I have chosen the lesson “Kitchen Sparkle” to begin my journey.  This lesson comes in two parts with each part being divided into daily tasks.  It is suggested that each part will take one week.  This appeals to me as I work better on a large project by breaking it down into smaller jobs.

I decided that I had to tackle my kitchen first as it is time to clean out cupboards and give a lot of items away.  We are now “empty nesters” and I don’t need as many pans and baking dishes.  Also, it is time to take a hard look at those kitchen gadgets and really decide if I need them.   

These Kitchen Sparkle lessons are basically a very thorough deep cleaning of the kitchen from the ceiling to the floor along with going through the cupboards, cleaning them out and decluttering.  The lessons are divided by days so it helps you stay on track. 

I will post how I am coming along on these lessons and what is working and not working.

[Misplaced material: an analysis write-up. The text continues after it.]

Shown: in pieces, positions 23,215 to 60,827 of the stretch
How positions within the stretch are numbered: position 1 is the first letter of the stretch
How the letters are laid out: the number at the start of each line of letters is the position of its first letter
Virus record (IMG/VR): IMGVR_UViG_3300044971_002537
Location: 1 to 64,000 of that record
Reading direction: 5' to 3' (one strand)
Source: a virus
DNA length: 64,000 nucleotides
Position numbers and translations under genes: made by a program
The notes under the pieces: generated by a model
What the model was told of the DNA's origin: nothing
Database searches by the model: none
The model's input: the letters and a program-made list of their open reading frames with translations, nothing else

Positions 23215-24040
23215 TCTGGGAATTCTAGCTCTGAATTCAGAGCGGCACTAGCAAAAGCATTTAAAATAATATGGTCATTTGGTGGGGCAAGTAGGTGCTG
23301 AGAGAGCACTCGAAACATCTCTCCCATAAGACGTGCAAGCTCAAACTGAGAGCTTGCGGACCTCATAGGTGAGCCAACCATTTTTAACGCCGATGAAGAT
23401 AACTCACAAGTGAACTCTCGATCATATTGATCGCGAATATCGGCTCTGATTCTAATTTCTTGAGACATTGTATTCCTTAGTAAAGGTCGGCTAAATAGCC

Lastly, my husband and I have become quite committed to making some changes in our life as it affects our health.  Both of us are fairly active, but as you age, ahem, things can still catch up with you and for us it has been the foods that we have been eating.  We have been making some changes but are now stepping up to the plate and becoming totally committed to a healthier lifestyle. 

We are making sure that we get in plenty of time to exercise and we are changing our diet.  I have set a goal to lose weight (10 lbs.) but not by dieting.  I cannot bear to go through another diet which is totally going against what I have believed in the past.  Instead, I am becoming totally committed to eating “cleaner” foods.  We are limiting processed foods and trying hard to push them out altogether.  A priority to our diet will be eating whole grains; less fat and sugars; less sodium; more fruits and vegetables and leaner proteins.  When we are planning on a meal where the meat may not be as lean, we will eat smaller portions of that meat.  Our goal is to eat as much of our food in its natural form.   I am reading a lot of labels these days.